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Discussion Starter · #5 ·
100% of the time it is best to consult those persons or entities to whom you will be explaining yourself if you screw up.

Typically, a lawyer in the state of residence and the local of that residence will know the laws there. The ATF will also know the laws and can offer guidance as well. I’m pretty sure they take calls.

There are many knowledgeable people on online gun forums. Most of them will not be representing you in court.....

Alan
ATF is a very good idea. I want to stick to the letter of the law.
 

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Thanks. I definitely don't intend to have anything shipped to me overseas, unless i'm looking for trouble which i'm certainly not. I don't have an American ID with a valid address on it. I think I'm going to have to go down the road of having someone else purchase it and then sort out how to gift or sell the gun to me, if that's legal. Overall it sounds like it's going to be a pain in the but any other way. I have other guns that have been given to me (Shotgun and a 22 rifle) As far as I know there are no restrictions that I know of regarding gifting guns to someone.
Well that's going to depend on the type of gun and what state this is going to happen in along with the relation of the person doing the gifting. For instance here in NY you must obtain a pistol permit to buy, carry, shoot or even hold any type of handgun. Without a residence here or valid ID you can't get a pistol permit. I'm pretty sure there are at least several other states with similar laws. There are probably other Federal laws about you not being a resident or having a U.S. ID that will either hamper or forbid you to do what you want to but I'm not real familiar with laws for this type of situation. It's hard enough to keep up with the laws that pertain to me living in NY!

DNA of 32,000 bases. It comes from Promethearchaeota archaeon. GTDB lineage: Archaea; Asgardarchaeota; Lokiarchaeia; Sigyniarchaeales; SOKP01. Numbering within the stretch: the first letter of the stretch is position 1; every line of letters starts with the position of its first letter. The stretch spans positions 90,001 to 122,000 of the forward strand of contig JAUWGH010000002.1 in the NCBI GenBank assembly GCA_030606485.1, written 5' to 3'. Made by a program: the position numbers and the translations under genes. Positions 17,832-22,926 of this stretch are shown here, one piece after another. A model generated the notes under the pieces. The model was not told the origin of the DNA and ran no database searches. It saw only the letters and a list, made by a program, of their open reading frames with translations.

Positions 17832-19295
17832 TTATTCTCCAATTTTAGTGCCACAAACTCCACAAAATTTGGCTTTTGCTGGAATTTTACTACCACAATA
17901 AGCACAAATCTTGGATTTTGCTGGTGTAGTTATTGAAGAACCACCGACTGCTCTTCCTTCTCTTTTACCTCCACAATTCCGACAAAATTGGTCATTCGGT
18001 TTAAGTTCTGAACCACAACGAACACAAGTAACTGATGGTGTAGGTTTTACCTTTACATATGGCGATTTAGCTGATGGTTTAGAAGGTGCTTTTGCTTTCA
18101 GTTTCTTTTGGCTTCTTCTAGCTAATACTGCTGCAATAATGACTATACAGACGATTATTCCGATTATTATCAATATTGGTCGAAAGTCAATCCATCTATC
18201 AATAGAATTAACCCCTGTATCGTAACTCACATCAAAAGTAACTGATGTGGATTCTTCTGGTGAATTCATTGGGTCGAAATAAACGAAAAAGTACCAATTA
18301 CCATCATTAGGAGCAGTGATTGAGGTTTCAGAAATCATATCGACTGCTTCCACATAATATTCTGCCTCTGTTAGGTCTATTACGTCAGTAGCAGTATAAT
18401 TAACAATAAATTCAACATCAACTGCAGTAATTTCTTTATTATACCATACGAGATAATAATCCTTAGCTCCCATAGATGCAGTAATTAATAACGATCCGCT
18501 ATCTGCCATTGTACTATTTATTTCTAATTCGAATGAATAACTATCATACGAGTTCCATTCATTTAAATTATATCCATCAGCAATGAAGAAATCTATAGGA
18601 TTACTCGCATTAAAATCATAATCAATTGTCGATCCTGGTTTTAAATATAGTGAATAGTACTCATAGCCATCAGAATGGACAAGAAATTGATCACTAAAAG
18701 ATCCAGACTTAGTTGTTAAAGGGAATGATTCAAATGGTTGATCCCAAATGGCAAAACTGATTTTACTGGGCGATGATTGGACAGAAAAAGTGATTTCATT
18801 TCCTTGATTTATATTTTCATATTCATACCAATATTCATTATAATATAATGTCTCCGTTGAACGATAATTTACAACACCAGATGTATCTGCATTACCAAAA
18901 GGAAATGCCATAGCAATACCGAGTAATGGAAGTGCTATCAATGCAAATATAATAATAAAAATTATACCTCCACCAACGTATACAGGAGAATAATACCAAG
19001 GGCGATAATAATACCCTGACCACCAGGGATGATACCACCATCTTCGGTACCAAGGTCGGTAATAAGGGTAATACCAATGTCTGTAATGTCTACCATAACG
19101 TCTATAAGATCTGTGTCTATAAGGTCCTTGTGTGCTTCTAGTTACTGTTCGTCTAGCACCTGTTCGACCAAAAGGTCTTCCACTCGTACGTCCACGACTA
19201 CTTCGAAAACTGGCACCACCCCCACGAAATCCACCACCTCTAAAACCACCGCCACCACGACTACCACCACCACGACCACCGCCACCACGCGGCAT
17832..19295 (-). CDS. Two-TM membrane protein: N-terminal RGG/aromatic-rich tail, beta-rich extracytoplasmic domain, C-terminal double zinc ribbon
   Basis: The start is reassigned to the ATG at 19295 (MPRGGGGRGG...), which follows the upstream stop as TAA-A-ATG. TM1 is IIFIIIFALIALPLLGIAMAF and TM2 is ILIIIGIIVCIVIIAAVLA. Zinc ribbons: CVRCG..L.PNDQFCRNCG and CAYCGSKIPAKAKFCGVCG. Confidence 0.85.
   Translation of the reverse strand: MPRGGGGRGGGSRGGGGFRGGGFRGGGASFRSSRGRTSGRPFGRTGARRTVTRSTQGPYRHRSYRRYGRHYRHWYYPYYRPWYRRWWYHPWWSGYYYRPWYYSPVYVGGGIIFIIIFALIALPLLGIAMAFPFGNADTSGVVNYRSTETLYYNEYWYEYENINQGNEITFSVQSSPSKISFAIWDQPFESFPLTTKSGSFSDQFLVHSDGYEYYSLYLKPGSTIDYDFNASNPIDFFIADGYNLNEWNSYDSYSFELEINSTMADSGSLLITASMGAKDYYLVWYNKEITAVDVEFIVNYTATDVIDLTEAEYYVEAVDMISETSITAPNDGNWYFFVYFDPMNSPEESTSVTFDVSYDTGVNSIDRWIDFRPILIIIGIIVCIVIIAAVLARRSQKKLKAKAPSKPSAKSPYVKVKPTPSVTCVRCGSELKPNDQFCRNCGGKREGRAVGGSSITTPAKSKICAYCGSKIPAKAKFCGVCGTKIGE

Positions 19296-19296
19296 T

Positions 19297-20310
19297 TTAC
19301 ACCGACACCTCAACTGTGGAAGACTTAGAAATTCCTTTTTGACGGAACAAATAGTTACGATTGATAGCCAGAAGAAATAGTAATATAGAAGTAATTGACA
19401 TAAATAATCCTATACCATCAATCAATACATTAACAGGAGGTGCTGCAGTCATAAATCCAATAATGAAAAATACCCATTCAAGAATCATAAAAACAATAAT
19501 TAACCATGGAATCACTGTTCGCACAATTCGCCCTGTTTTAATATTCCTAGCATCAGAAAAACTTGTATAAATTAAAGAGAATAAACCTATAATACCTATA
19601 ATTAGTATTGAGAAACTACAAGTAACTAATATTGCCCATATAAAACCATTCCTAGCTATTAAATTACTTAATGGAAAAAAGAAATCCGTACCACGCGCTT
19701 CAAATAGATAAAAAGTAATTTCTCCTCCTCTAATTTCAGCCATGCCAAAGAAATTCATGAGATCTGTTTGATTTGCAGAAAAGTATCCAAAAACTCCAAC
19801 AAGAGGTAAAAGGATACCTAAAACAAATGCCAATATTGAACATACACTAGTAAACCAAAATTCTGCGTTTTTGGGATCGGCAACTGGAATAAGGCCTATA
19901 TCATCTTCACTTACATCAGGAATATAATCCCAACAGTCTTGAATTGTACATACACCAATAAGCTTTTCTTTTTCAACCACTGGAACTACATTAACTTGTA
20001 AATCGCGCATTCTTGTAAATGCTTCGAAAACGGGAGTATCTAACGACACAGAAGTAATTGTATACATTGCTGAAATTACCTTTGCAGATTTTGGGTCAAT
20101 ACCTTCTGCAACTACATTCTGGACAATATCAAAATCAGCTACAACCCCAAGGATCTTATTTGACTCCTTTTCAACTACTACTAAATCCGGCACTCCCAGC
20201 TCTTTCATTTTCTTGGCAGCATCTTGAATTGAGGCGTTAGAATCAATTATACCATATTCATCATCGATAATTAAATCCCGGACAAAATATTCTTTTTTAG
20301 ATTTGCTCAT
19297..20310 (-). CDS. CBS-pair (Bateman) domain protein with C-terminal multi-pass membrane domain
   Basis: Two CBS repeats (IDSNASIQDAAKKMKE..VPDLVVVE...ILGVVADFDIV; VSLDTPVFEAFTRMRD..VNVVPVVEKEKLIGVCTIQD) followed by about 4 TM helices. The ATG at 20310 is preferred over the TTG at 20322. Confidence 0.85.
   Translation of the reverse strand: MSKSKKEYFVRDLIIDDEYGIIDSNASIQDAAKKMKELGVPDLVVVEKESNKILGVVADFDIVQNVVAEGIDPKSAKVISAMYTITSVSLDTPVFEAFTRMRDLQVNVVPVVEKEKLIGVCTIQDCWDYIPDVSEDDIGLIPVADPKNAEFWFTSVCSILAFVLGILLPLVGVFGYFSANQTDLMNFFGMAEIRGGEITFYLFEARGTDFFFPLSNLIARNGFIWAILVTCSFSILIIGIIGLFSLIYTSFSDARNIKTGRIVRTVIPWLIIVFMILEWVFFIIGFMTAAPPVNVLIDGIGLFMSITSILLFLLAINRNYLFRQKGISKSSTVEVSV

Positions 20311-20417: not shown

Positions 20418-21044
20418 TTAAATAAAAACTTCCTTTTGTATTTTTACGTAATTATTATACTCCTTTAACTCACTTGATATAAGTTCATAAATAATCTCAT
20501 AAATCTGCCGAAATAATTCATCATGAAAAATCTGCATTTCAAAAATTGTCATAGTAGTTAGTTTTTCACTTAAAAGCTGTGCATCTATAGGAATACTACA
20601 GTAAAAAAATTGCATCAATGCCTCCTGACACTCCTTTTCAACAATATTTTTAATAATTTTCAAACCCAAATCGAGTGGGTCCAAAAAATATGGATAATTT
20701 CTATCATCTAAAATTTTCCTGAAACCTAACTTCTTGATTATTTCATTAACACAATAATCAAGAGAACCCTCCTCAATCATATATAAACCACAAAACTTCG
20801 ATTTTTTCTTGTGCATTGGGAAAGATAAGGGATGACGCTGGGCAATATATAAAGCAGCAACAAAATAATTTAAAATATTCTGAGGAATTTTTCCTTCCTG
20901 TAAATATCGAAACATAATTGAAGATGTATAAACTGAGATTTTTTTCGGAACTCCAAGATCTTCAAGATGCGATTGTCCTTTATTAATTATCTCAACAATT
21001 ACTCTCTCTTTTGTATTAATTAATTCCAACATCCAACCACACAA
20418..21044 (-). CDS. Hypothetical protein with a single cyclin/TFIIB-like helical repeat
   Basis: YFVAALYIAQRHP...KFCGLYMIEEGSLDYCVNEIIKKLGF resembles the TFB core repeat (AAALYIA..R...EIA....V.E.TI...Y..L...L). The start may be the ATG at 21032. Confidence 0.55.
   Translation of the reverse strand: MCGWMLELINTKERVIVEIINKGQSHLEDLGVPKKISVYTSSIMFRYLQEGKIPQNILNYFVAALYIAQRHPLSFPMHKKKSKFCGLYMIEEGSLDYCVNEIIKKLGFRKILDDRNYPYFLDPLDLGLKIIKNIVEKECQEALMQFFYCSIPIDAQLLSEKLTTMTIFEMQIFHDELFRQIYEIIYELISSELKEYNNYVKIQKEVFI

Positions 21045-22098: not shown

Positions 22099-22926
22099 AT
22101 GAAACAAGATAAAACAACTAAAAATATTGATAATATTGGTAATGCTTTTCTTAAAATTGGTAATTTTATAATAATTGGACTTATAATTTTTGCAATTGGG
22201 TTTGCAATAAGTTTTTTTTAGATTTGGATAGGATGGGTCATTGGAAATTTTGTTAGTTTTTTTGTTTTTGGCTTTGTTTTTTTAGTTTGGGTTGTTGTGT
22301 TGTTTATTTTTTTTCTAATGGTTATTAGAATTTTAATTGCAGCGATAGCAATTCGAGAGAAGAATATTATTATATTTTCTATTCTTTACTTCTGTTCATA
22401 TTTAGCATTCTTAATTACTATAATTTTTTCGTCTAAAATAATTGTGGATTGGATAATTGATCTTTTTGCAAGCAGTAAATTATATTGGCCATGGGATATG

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If you don't have an American government issued ID, you're basically SOL. And having someone purchase the firearm for you (gift or not) is considered a "straw-man purchase" and illegal.

Do you return to the USA for any extended period of time? As an American citizen, your only hope is to return to the USA, re-establish residency, acquire the necessary government issued ID, and then purchase the firearm in question.
 
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Discussion Starter · #8 ·
Well that's going to depend on the type of gun and what state this is going to happen in along with the relation of the person doing the gifting. For instance here in NY you must obtain a pistol permit to buy, carry, shoot or even hold any type of handgun. Without a residence here or valid ID you can't get a pistol permit. I'm pretty sure there are at least several other states with similar laws. There are probably other Federal laws about you not being a resident or having a U.S. ID that will either hamper or forbid you to do what you want to but I'm not real familiar with laws for this type of situation. It's hard enough to keep up with the laws that pertain to me living in NY!